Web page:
Myanmar Health Sciences Research Journal
Original Articles :
Myanamr Health Research Registration 2022; 34(1-3): 10-17.

Molecular Detection of Temephos Insecticide Resistance Mutation in Ace- Gene of Aedes aegypti Populations from Monywa Township, Myanmar

Than Myat Soe, Myat Htut Nyunt, Nwe Nwe Kyaw, Myint Myint Aye, Aung Ye Kyaw & Thant Zin

Myanmar Health Sciences Research Journal, Vol. 34, No. 1-3, 2022


Aedes aegypti is the main vector of dengue, chikungunya, yellow fever and Zika in human population. Insecticide resistance of mosquito vectors is at a critical tipping point in public health.  Temephos which is one of the organophosphate insecticides has been utilized in dengue vector control for more than 0 years all over the world. Ace- gene is linked to temephos resistance and mutations in Ace- gene have been reported in some countries. However, no record for Ace- gene detection of  Ae. aegypti was found in Myanmar. The present study was conducted to detect the Ace- gene with temephos insecticide resistance mutations in Ae. aegypti populations of dengue endemic areas from Monywa Township. Experimental laboratory based study design was carried out from June, 09 to May, 00.  Ae. aegypti larvae were collected from three study areas; one urban (Myawaddy quarter) and two rural areas (Kamma village and Kyauksitpon village) in Monywa Township. Larval insec-ticide bioassay test was performed by using the WHO method with temephos 0.0 mg/l (diagnostic dosage). Resistant larvae after tested with temephos were identified Ace- gene by PCR. Total of 5 Ace- gene samples
(5 samples in each study area) were sequenced both forward and reverse primers by 500 series genetic analyzer.
Ae. aegypti larval mortalities of Kyauksitpon village, Kamma village and Myawaddy quarter were 96.95%, 9.00% and 9.9% after  hours exposure with temephos. Mutation was detected in T506T location with 0. frequency (.%) in Ae. aegypti population of Myawaddy quarter. However, mutation in G9S location of Ace- gene was not found in all study populations. This study indicated that the presence of temephos insecticide resistance mutation was appeared in Ae. aegypti population. Thus, regular monitoring is essentially needed to evaluate the temephos resistance of Ae. aegypti population in Monywa Township and also in other dengue endemic areas in Myanmar where OP insecticide has been widely used.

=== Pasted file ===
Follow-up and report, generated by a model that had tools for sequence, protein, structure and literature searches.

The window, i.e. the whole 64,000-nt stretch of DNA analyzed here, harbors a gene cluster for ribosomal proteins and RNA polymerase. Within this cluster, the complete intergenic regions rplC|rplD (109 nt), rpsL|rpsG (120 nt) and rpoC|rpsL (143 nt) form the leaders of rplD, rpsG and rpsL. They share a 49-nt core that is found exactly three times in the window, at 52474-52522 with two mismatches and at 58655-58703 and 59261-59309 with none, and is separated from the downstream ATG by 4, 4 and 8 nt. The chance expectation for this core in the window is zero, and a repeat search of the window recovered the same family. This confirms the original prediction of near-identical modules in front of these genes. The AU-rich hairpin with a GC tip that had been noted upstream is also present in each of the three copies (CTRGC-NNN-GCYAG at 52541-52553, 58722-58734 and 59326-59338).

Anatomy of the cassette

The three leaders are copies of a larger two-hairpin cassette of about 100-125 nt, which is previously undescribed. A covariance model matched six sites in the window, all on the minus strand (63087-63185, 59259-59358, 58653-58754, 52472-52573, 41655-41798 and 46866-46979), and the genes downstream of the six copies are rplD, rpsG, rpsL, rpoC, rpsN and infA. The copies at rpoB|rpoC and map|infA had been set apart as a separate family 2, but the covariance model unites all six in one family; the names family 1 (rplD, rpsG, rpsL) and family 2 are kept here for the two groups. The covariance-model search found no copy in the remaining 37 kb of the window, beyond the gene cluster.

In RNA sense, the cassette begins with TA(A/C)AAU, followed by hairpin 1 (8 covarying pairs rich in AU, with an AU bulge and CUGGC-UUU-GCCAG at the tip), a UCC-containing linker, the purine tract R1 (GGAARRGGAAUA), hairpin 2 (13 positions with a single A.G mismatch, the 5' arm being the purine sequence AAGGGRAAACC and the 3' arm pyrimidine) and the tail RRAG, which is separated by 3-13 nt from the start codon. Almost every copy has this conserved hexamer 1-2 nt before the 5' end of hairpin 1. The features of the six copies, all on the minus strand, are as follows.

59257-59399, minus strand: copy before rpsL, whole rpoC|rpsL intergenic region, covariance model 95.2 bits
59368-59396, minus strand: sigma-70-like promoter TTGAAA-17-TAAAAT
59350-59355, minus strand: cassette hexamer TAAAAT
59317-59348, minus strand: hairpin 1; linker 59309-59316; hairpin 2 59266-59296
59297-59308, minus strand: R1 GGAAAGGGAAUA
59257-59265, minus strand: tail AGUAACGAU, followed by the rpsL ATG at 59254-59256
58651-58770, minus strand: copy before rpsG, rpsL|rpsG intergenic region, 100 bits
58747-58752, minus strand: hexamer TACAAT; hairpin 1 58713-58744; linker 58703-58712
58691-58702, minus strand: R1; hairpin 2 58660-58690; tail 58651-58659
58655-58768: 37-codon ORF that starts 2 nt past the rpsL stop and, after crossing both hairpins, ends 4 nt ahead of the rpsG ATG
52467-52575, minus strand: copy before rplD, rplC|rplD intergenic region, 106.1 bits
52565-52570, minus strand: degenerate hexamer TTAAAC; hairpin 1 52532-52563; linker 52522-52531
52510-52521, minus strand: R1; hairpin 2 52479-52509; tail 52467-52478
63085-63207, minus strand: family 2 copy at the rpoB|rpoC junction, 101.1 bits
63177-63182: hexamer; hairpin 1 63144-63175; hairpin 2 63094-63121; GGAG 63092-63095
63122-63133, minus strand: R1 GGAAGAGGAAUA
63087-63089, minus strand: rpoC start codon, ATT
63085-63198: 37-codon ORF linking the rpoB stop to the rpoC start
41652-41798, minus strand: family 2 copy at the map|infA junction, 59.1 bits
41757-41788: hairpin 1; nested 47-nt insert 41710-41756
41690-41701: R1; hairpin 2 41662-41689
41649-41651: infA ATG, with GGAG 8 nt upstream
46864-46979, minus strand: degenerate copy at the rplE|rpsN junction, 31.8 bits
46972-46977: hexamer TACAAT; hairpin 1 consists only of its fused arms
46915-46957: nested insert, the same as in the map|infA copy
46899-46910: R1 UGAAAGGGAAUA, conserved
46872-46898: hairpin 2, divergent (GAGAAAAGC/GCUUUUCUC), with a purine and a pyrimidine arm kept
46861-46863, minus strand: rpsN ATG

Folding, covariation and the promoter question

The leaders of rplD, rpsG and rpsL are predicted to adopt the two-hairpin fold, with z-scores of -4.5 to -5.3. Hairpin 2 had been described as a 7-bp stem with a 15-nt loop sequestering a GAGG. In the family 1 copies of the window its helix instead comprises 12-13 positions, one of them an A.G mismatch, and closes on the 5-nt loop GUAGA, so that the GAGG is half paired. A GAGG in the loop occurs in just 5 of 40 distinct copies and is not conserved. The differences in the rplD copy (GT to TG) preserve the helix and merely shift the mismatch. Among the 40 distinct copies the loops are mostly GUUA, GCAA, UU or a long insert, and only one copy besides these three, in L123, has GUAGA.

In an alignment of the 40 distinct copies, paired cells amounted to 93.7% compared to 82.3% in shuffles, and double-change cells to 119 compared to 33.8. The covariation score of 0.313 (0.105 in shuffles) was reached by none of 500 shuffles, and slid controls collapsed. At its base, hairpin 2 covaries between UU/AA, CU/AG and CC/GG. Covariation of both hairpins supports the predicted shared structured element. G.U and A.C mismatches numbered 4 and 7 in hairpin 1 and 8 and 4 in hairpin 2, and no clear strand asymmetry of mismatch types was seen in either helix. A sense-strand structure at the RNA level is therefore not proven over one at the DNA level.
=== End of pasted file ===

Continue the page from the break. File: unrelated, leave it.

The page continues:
Aedes aegypti is the main vector which concerns to the public health as it can transmit various serotypes of viral pathogens causing dengue, chikungunya, yellow fever and Zika. It has become the major indirect cause of morbidity and mortality of human worldwide.  According to the World Health Organization, an estimated 50-00 million dengue infections occur annually, with a 0-fold increase in global incidence observed over the past 50 years. In Myanmar, total of ,7 dengue cases with  deaths were reported in 08.


The present study was an experimental laboratory-based study and conducted from June, 09 to May, 00. The field activity was conducted in Monywa Township and the laboratory activities were conducted in Medical Entomology Research Division, Department of Medical Research (Pyin Oo Lwin Branch) and Bioinformatic Division, Advanced Molecular Research Center in Department of Medical Research (Head Quarter, Yangon). Monywa is located in the central dry zone of Myanmar (.6°N, 95.56° E) with the population of 7,095 inhabited in 6 quarters and 57 villages. According to the recommendation of Vector Born Disease Control (VBDC) unit of Sagaing Region and based on the number of reported dengue cases in 08, three areas (Myawaddy quarter, Kamma village and Kyauksitpon village) in Monywa Township were selected in the present study.


Temephos is a non-systemic organophosphorus insecticide, mainly used as a larvicide to control mosquitoes, including in domestic water containers and it could be used for storing drinking-water. The toxicity of this insecticide was low and unlikely to present acute hazard for human.9 An important indicator of insecticide resistance to organo-phosphate is the loss of acetyl cholinesterase (AChE) sensitivity. AChE is a widely distri-buted enzyme within the nervous system, which mediates hydrolysis of the neuro-transmitter acetylcholine throughout the central and peripheral nervous systems at the postsynaptic membrane through terminating nerve impulses.0


We would like to express our sincere gratitude to the Department of Medical Research, Ministry of Health in Myanmar for providing funding support to conduct this research. We are also grateful to the staff of Medical Entomology Research Division (Pyin Oo Lwin Branch), and Bioinformatic Division, Advanced Molecular Research Center in Department of Medical Research (Head Quarter, Yangon), and Vector Borne Disease Control Unit (Sagaing Region) for their collaboration in the study.



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